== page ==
MailChimp Review: Why Is Everyone Switching Away?

Learning to master email marketing is one of the most important things you can do as a small business owner. And a crucial part of making this happen is to invest in a great email service provider.

Many businesses have adopted MailChimp as their ESP of choice. And it’s especially prominent in the startup world.

But is there a good reason why it’s so popular?

I was curious to see what made MailChimp tick, so I decided to signup for a paid account and give it a spin.

MailChimp Review

Last updated: April 21, 2018
First Published on: May 21, 2016

tl;dr Summary
MailChimp’s free plan is a great way to get started with email marketing. But for marketers with advanced needs, there are many better alternatives out there.

What is MailChimp?

Started in 2001, MailChimp is one of the largest email service providers out there.

With its fun logo, easy to use interface, and forever free plan, MailChimp now has attracted more than 17 million customers and counting.

Plus, people love Mailchimp’s ability to create beautiful newsletters.

But as I dug deeper into MailChimp, I found that the service was lacking in many ways. They haven’t been innovating as rapidly as their competitors and many prominent bloggers and marketers were switching away from MailChimp to other services.

While it gives you the barebones essentials to do email marketing, it lacks many of the advanced features needed to really take your email marketing to the next level.

In this MailChimp review, I will first show you how the service works. And then follow with an in-depth comparison with other popular email service providers to show you how MailChimp stacks up.

Looking for the best email marketing service in 2018? Check out our in-depth look at 9 of the most popular email services out there.

How MailChimp Works

MailChimp is similar to most other email service providers you may have tried. It has all the tools you need to collect leads, create emails, and send them out.

Signup Forms

In MailChimp, you create Lists to group a set of subscribers.

So to get started with MailChimp, you’ll need to build some forms to get subscribers onto your Lists.

There are a few different ways to build signup forms in MailChimp.

First, you can build a form using MailChimp’s editor. Once completed, it will provide you with some code which you can embed in your website like in your sidebar or below a post. Or you can use the Subscriber popup option to create a popup style opt-in form.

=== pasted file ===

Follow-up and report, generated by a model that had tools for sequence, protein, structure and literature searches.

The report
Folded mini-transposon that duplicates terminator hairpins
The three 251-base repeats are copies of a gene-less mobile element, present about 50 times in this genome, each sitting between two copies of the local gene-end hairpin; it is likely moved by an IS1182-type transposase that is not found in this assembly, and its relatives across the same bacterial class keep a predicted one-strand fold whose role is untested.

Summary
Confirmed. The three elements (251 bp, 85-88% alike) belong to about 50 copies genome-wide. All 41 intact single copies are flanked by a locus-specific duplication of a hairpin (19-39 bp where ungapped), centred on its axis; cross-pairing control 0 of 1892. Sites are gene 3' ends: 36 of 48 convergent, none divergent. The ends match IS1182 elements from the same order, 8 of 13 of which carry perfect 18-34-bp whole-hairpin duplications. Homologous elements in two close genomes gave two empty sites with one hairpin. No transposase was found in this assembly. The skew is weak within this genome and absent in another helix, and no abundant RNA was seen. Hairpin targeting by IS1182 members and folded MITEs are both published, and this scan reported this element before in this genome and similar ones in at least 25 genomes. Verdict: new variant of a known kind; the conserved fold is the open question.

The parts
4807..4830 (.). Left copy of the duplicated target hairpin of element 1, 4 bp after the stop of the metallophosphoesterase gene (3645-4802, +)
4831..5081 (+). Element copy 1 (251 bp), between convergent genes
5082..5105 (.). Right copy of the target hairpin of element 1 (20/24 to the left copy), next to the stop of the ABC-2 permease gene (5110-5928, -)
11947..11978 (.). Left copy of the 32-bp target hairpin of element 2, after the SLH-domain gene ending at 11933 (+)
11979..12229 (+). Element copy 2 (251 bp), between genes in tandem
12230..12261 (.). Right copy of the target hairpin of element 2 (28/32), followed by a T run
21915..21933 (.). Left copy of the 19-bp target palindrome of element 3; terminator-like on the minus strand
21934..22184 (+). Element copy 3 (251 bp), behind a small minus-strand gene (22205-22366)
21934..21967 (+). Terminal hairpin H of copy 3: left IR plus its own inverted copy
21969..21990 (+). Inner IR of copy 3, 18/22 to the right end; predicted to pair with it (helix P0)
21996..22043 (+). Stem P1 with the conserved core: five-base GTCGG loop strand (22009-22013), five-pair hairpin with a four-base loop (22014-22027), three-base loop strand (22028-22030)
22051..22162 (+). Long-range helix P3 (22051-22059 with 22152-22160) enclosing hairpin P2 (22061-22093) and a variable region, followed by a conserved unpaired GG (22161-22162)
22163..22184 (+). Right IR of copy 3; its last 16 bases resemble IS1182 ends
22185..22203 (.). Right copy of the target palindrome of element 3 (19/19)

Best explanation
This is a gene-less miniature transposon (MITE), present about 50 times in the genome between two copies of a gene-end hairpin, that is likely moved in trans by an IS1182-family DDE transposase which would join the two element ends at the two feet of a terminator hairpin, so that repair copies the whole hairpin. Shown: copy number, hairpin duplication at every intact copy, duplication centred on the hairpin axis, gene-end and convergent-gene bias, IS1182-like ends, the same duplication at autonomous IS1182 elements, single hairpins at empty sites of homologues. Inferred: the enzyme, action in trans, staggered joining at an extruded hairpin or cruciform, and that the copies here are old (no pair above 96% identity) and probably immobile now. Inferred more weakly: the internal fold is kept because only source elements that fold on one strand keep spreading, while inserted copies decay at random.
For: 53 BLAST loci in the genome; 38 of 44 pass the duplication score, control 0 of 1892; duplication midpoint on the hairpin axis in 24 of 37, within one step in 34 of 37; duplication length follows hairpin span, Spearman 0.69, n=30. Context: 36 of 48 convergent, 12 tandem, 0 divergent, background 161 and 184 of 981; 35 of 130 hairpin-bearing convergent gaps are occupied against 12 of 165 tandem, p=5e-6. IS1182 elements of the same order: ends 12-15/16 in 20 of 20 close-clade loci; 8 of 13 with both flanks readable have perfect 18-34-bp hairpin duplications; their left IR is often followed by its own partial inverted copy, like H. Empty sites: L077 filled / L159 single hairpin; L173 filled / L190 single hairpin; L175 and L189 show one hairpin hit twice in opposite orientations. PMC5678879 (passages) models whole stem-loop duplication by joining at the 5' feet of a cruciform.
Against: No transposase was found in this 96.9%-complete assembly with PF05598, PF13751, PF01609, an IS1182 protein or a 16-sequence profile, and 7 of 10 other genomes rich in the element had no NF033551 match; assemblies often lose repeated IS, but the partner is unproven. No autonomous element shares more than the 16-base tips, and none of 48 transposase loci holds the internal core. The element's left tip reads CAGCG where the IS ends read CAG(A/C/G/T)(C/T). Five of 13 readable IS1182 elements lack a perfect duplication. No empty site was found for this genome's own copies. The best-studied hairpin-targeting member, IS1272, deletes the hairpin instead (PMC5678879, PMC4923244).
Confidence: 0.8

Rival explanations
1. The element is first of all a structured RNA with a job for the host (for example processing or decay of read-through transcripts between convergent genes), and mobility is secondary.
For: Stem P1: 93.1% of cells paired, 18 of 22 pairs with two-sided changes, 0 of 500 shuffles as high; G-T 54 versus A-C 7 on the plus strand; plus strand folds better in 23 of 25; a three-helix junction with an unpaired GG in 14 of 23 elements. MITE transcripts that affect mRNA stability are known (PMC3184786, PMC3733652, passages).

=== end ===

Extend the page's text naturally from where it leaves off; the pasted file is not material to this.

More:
The default MailChimp form builder is pretty average and the interface is a little clunky to me.

mailchimp-formbuilder

You can’t just click on an element to customize the design of it. Instead, you have to click on the separate Design It tab to do any styling customizations.

I do like how the form editor handles custom fields though. So adding things like checkboxes to your forms is very easy.

Instead of using the MailChimp form builder, I would highly recommend using something more specially tailored to collecting emails like Thrive Leads or LeadPages.

Both will let you design forms that better fit your brand, and they include better templates and advanced features like split testing that will help you get more signups.

Fortunately, MailChimp works very well with these two products, so there is not much need to work with the form editor.

Campaigns

A key concept of MailChimp are campaigns. This is where you will create the emails you want to send.

MailChimp provides a step by step wizard type workflow interface for setting up campaigns.

The first step is to pick your campaign type.

MailChimp Campaign Options

A regular campaign allows you to send HTML emails. Or you can just send a plaintext campaign that has no pictures or special formatting.

The next step is to pick which subscribers in your list to send to. You can, of course, send to your entire list or create a segment based on a set of conditions.

Some interesting segments you can create are:

  • Subscribers who have opened a specific campaign
  • Subscribers who have opened any of the last 5 campaigns
  • A subscriber has replied to a specific campaign
  • Subscribers have accomplished a specific goal

Segments can also be saved for future use.

The third step is to input your campaign info. This includes naming your campaign, your subject line, and whether you want to enable various tracking options. For example, you can track opens, clicks, e-commerce link tracking and more.

Once this is done, you need to create a template. Templates are MailChimp’s preset layouts you can use for the emails you send out. You can pick from one of MailChimp’s pre-made themed email templates or create your own.

mailchimp-themetemplates